22. this is the first time ive seen your video, and i must say i really appreciate your work and how professional you were handling the situation. in this case, you had to improvise and make do of your environment and materials available to you while staying under control and checking for any other risks at hand

  23. Im carrying an EpiPen from now on on airplanes. I care about people even though im in 8th grade (dont judge me) and I dont want to see anything bad happen. 🙂

  24. You need to watch the Grey's Anatomy season 13 episode 20, Meredith Grey and another doctor have to makeshift some things to help save the lives of 2 people on a plane… (then there is an actual plane crash earlier on, I'd love to hear what you would do in this situation as well)

  25. Flight attendants can’t inject anything, so if there were an epi pen you’d still need a Dr. to administer it.

    I know some airlines have a kit with intubation equipment, maybe not Delta?

    Also, typical passenger reaction to care more about a diversion than about an ill person. ¯_(ツ)_/¯

  26. So can anyone creditable answer a question I have? Basically I'm wondering if mild non life threatening Anaphylaxis is a thing? Cause I'm regularly getting unexplained hives at the moment and sometimes they will make me feel pretty weird. Just wondering if it is something I have to take more seriously.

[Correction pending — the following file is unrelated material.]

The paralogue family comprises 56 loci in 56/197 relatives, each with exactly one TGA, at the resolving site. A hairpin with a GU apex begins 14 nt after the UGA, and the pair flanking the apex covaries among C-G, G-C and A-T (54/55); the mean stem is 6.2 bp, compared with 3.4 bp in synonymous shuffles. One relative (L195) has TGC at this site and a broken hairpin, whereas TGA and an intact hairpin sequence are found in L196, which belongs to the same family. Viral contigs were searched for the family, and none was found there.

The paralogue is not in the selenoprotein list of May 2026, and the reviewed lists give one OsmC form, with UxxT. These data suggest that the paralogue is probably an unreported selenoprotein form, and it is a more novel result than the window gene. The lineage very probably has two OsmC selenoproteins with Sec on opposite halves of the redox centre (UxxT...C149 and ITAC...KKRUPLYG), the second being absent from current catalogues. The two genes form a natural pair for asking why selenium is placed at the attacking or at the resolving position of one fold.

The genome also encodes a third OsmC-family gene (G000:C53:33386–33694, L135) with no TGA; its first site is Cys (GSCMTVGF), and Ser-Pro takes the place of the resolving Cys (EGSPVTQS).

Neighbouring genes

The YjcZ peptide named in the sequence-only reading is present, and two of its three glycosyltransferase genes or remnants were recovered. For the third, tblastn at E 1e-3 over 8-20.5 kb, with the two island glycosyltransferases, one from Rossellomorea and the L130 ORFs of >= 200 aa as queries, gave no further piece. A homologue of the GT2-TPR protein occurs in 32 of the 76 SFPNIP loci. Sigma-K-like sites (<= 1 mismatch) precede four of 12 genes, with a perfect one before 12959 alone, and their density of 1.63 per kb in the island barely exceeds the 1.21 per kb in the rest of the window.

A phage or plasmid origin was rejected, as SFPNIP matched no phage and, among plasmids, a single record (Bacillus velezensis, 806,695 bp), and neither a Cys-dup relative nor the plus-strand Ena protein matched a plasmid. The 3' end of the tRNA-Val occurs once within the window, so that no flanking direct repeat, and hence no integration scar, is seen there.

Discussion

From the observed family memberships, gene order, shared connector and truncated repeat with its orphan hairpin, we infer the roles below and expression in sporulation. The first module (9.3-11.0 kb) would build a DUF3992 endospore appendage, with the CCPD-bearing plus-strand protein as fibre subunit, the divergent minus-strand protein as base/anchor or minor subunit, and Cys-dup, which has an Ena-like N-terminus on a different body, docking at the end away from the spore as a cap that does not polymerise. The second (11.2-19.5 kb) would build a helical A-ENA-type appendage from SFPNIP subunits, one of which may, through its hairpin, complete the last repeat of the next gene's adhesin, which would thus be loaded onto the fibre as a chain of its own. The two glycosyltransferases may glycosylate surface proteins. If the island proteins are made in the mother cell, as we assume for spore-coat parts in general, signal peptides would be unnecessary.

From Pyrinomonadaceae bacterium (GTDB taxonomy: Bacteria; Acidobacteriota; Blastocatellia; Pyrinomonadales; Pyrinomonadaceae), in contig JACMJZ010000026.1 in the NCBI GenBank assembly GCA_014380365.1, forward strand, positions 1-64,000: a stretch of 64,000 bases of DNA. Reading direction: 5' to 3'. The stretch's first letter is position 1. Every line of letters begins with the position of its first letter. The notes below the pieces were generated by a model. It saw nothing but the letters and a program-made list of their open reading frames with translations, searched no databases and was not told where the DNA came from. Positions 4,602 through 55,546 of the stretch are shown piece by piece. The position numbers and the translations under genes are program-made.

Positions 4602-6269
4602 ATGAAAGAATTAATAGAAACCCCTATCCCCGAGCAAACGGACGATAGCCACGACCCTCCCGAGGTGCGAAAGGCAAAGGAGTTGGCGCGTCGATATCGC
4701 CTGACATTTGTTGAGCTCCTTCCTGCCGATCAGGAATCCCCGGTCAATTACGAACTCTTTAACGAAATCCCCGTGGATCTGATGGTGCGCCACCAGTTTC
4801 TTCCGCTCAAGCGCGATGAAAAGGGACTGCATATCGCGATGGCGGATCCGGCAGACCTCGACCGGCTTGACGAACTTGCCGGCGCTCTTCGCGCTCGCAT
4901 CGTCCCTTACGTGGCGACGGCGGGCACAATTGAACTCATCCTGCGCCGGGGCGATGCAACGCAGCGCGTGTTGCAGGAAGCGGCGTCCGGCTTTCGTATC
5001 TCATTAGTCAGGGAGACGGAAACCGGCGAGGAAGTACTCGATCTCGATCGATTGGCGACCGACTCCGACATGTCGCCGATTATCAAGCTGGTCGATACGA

27. I have a strange thing that happens where if I sweat a lot I break out into hives and one time it got really bad in gym class. I was walking with two girls and one noticed my neck turning red and she was like "whoa whoa are you ok? Did you maybe eat something you're allergic to?" And I'm like "no I don't have any food allergies that i know of this just happens when i sweat." She responds with, "well i don't like this," she then pulls me over to where that water fountains and air conditioner are and tells the other girl to go get the gym teacher while she is making sure that I'm okay. The teacher comes over and asks me the same questions about maybe eating something I'm allergic to and I give the same answer that i gave the girl so she says "I don't like that your neck is turning red." So she has the first girl walk me down to the nurses office and the other girl grabs my bags for me out of the locker room. I explain the whole situation to the nurse and she decided to keep me in her office for observation in case my throat started closing and also to see if the hives went away because at that point my entire body was covered in hives. So I am in the nurses office reading and none of the hives were going away but my middle school has a policy where they will not give you stuff like benadryl without written consent from a parent or guardian so because the hives aren't going away and they are actually getting worse. She calls my mom and says "hey your daughter is in here and she is having a bad reaction to something, she says it is her sweat. Can you send someone to pick her up and take her home." So my grandma comes and gets me, gives me benadryl, and takes me over to her house so she can keep an eye on me where I watch pokemon: origins and then pass out. The next day my mom sent me in with a note saying that it was okay for the nurse to give me benadryl if it happened again. It did happen again about a month later. The gym teacher sent me to the nurse again but this time after waiting she gave me benadryl and I nearly fell asleep in every class after that.